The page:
The latest Customs and Border Protection (CBP) statistics show continuing high numbers of immigrants crossing the southern border. In April, U.S. Customs and Border Protection (CBP) detained 109,144 migrants on the southwestern border, the highest monthly number since 2007. The composition of these migrants has changed dramatically in this fiscal year, with nearly two-thirds being members of family units or unaccompanied minors. The Washington Post reports that unauthorized border crossings have more than doubled in the past year, on pace to exceed one million during FY 2019.
Adam Isaacson of WOLA (Washington Office on Latin America) analyzed the trend in a series of tweets:
“Between the ports of entry, 64 percent of all apprehended migrants are now children and families. There is no historic precedent for this. …
“Also, yes, because of so many asylum-seeking children and parents, the total apprehensions number this year could be the largest since 2008….
“What’s happening now dwarfs the waves of child/family arrivals we saw in mid-2014 and late 2016….
“[In] most past years, May is a bit higher than April, then apprehensions decline during the hot summer months….
“At the ports of entry, “metering” is still in full effect. CBP officers posted at the borderline are keeping all but a trickle of asylum-seekers from presenting themselves. It’s been held to about 10,000 people without documents per month—half kids and families—since last June.
“In fact, family units allowed to present at the ports of entry _declined_ 17.9% from March to April. Imagine that—amid record numbers of families apprehended between the ports. It’s now very hard to seek asylum the “proper” way.”
Voluntary departure, sometimes called “self deportation,” is soaring under the Trump administration, according to a new Marshall Project report. Alejandra Garcia Zamarrón is one of many immigrants who chose voluntary departure: “Alejandra Garcia Zamarrón, a mother of three American citizens, had lived in the United States for nearly 20 years when a police officer pulled over the unregistered vehicle she was riding in.
“Georgia was her home, the place where she’d lived for years and raised her family. But when she found herself locked in the Irwin County Detention Center, she had few options to stay. She’d been brought to the U.S. as a child, but her protected status as a childhood arrival had expired. And she had given a fake name and date of birth to the police officer who stopped her, a misdemeanor that put her at greater risk of deportation.
“Zamarrón, 32, initially vowed to fight her removal from the U.S. as long as she could. But as the months in detention dragged on, she changed her mind and asked for “voluntary departure…”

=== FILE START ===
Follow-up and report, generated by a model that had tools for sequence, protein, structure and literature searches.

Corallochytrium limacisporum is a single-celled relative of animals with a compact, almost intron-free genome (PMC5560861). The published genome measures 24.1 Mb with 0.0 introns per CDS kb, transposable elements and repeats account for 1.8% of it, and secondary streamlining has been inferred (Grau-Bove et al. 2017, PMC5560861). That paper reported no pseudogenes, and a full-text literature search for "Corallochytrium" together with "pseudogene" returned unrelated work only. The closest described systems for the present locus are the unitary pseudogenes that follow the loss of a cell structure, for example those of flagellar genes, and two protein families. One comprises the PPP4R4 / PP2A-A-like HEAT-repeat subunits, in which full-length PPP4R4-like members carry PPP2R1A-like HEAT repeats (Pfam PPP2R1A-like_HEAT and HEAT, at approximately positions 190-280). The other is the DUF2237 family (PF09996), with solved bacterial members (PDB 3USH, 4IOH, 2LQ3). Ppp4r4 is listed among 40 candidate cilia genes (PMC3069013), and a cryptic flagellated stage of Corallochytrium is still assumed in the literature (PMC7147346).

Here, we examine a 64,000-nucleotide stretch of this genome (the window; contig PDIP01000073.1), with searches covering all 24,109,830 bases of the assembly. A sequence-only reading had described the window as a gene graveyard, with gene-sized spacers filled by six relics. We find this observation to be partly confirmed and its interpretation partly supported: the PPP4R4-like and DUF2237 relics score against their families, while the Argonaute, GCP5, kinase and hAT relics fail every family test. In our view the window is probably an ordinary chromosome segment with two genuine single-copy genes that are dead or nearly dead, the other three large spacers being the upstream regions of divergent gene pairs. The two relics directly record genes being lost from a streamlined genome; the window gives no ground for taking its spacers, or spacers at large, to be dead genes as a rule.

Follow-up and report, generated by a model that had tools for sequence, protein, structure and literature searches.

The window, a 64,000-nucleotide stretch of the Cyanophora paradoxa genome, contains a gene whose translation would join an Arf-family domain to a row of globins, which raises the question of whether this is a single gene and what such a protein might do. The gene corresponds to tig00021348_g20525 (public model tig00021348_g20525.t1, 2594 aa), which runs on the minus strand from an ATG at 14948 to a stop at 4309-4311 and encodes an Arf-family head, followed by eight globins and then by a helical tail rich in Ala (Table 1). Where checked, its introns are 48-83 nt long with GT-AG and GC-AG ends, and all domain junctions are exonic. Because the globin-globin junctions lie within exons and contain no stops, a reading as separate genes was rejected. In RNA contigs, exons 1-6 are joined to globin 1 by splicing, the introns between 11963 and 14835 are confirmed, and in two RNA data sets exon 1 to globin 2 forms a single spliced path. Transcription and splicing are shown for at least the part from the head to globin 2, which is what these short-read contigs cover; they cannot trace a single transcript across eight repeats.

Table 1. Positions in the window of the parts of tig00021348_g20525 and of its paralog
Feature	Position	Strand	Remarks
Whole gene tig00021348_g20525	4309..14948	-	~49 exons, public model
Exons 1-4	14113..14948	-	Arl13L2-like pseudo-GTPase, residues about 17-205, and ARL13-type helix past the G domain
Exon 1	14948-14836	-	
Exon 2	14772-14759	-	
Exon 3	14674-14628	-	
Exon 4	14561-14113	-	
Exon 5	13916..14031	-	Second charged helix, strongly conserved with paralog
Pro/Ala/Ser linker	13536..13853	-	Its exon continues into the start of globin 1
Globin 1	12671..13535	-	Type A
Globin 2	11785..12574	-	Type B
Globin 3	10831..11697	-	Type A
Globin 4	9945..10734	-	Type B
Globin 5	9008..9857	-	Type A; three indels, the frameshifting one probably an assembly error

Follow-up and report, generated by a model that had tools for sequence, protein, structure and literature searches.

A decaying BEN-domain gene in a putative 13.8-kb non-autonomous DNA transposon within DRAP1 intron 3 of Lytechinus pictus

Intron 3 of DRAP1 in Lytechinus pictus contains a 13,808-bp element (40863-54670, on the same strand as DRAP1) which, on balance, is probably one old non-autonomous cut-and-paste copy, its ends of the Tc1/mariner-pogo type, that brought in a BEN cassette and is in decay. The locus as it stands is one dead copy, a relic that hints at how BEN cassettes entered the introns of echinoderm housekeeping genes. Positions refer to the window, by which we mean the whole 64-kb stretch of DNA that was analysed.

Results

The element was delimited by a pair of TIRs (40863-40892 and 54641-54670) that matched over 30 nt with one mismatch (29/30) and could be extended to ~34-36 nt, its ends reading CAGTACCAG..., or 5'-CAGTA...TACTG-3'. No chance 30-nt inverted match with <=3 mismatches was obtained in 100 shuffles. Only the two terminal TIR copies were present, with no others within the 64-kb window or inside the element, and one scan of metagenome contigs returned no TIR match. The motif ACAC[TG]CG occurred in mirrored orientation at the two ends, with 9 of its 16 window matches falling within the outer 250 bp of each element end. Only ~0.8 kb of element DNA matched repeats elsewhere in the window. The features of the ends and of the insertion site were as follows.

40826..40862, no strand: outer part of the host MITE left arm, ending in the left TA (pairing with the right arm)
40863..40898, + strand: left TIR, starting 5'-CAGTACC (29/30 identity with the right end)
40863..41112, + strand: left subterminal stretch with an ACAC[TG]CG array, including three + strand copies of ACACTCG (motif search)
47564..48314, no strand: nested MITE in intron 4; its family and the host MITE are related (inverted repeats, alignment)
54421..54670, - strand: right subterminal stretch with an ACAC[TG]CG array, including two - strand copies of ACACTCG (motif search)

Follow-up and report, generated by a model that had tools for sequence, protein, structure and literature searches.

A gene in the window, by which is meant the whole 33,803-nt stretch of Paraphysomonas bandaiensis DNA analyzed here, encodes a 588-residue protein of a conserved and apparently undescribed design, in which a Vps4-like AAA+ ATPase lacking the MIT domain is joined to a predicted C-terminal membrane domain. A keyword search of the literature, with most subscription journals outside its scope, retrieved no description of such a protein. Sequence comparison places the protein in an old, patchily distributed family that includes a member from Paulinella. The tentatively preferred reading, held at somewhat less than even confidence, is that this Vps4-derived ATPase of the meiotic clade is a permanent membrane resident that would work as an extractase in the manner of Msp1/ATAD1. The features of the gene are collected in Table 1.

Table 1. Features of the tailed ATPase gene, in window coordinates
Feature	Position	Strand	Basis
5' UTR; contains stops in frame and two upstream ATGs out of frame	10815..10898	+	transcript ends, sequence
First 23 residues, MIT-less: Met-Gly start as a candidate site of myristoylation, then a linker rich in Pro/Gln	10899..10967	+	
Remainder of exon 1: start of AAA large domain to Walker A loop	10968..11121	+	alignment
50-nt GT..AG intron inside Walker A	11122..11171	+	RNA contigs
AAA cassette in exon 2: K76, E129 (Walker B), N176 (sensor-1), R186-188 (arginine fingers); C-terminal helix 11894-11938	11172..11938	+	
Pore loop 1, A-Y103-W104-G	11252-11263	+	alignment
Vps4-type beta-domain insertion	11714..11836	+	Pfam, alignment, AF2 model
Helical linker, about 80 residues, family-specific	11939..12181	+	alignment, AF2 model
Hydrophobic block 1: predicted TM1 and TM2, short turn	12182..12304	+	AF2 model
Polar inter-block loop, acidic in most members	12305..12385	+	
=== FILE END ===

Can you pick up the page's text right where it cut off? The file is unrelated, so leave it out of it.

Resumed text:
An immigrant in deportation proceedings might petition for permission to leave voluntarily for several reasons:
- To avoid having a deportation on their record, which could make returning to the United States difficult or impossible;
- To end a long and seemingly hopeless stay in immigration detention;
- To leave the United States safely, choosing an airport near home, instead of being dumped at the border;
- To have time to pack up or sell belongings, end a lease, sell a car, collect a final paycheck, etc.
For Zamarrón, voluntary departure meant that she could have more contact with her family. Even though she is now in Mexico, she can talk with them via video calls, which she could ot do from prison. She hopes to return to the United States, either through a U visa or through a petition by her son when he turns 21 in four more years.
“Zamarrón said many of the women she was detained with were also considering voluntary departure. “They’re tired of living in here, of dealing with ICE, dealing with guards, dealing with the injustice … They give up. They’d rather be deported than fight for their case,” she said. “We’re not criminals, we just don’t have options.”
For all the rhetorical and enforcement attention the administration gives to immigration and security issues, you might think they would have top-level teams guiding policy. Not really, reports the Washington Post:
“Teenagers, known for their immaturity, need stable adult guidance. The Department of Homeland Security is no different.
“But like children shuffled among a succession of foster parents, the department, still in its teens, has been hampered by a chronic lack of steady leadership. Currently, numerous top positions— including secretary, deputy secretary and three of four undersecretary slots — have no confirmed appointees….
“Just 47 percent of key department slots are filled with confirmed appointees, according to the Political Appointee Tracker published by The Washington Post and the Partnership for Public Service.”